To be so orphaned is painful. The 47 years of British membership cover the entire arc of my adult life. Europa was our dream. I covered Anwar Sadat, the Egyptian president, speaking to the European Parliament about hope and peace in 1981, eight months before his assassination. So much for dreams.
Yet they persist, for otherwise life is unlivable. I wandered from Brussels to Rome to Paris to Berlin to London and everywhere I lived I experienced some iteration of Europe’s beauty, as a physical thing, as a cultural bond and as a transformative idea.
The sensation was most acute in Germany, where the idea of the union was the most effective escape from postwar shame and the rubble of 1945, a form of atonement. But it was ubiquitous, the guarantor of our deliverance and the symbol of our capacity to reinvent the world and even make it better.
Every European country, through the goal of ever closer union, changed itself. They grew richer, no small thing. But they also reframed their self-image.
Italy and Spain left Mussolini and Franco behind to become stable, prosperous democracies. France found its tortuous way to truth after the humiliations and predations of Vichy and discovered a European avenue to express once more its universal message of human rights founded on human dignity.
Central European countries stabilized their escape from the deadening Soviet imperium to which Yalta had confined them. Britain ceased equating Europe with scourges like intellectuals, rabies and garlic, as it had in my childhood. Hyde Park became a babble of European tongues. The British economy surged. Britain had given up its colonies and found a new identity in association with Europe, or so it seemed, flickeringly.
Then I lived in Sarajevo covering the Bosnian war and I saw, in inert bodies torn by shrapnel, and in history revived as galvanizing myth of might and conquest, the horror from which the European Union had saved my generation. It had laid bad history to rest. That was enough to be forever a European patriot.
But not enough for the British a quarter-century later. In the words of my friend Ed Vulliamy, who also covered that war, Britain has become a country “that boards cheap flights for stag outings to piss all over Krakow.”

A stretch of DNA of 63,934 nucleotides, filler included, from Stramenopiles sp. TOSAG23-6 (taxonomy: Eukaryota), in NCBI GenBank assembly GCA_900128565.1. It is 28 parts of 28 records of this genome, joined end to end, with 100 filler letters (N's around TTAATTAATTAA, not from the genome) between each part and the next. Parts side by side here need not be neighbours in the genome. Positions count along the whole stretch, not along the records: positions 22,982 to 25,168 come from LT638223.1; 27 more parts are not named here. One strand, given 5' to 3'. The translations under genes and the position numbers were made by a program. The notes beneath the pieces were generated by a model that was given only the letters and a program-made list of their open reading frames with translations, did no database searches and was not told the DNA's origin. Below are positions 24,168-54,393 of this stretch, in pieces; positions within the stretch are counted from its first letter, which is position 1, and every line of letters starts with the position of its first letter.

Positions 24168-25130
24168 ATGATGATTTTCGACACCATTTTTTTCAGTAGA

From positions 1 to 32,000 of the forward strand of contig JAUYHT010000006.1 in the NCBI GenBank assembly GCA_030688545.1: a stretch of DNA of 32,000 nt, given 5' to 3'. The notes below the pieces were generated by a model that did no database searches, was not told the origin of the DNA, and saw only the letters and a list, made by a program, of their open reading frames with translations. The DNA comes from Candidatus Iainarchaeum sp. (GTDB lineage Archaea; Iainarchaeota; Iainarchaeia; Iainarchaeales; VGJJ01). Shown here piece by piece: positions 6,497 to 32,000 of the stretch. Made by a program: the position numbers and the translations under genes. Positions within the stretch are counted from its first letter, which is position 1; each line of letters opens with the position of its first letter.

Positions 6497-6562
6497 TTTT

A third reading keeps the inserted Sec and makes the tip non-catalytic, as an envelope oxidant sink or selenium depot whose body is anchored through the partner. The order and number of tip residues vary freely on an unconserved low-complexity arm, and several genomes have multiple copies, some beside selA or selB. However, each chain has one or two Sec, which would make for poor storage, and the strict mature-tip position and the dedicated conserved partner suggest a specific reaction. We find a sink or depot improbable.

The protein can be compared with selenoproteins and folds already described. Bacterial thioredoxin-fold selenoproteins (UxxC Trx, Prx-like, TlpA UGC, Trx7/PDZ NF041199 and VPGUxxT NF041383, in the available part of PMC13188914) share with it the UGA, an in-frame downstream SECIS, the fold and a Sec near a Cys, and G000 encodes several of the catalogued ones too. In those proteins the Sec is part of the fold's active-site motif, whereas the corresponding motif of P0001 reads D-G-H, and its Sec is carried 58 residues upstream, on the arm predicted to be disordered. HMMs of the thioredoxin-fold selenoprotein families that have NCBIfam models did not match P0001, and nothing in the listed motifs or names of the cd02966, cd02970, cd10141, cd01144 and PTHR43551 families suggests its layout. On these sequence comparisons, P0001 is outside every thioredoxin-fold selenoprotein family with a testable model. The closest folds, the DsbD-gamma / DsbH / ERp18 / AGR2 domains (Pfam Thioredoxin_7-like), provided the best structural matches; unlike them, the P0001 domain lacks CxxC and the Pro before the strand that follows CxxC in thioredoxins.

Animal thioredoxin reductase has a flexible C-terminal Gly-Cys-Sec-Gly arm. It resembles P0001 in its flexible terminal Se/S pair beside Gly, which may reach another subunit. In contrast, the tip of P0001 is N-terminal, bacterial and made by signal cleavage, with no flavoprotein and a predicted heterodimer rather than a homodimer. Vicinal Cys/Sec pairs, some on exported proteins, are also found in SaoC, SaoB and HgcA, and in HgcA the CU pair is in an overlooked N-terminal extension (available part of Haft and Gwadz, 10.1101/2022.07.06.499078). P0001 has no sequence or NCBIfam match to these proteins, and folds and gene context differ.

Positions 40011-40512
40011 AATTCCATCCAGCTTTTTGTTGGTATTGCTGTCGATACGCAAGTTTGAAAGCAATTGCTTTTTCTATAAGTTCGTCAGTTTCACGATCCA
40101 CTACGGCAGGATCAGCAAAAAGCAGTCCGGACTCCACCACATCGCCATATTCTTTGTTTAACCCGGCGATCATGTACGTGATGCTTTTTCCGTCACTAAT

Hip, hip hooray!
When I lived in Berlin, I would cross the nearby Polish border and never failed to marvel that where millions had perished decades earlier a nonexistent frontier traced its invisible line across fields of wheat. I would pass from the German world to the lands of the Slavs and nobody asked me who I was, what papers I bore or what was my intent.
If German-Polish reconciliation has been possible, anything is possible, my only solace at this moment. A bunch of flag-waving fantasists, at the wrong end of actuarial tables, have robbed British youth of the Europe they embrace. They will be looking on as 450 million Europeans across the way forge their fate. Their automatic right to live and work anywhere from Lisbon to Stockholm will be lost.
I’ve lost a limb; more than a limb, my heart. Europe helped Britain grow bigger and more open and more prosperous. Now it will shrink. Another suffering friend, Patrick Wintour, the diplomatic editor of The Guardian, sent me these lines of Auden:
In the nightmare of the dark
All the dogs of Europe bark,
And the living nations wait,
Each sequestered in its hate;
Stares from every human face,
And the seas of pity lie
Locked and frozen in each eye.
A better epitaph for the aborted story of Britain in Europe and the tragedy of a disoriented nation’s willful infliction of enduring self-harm is impossible to imagine.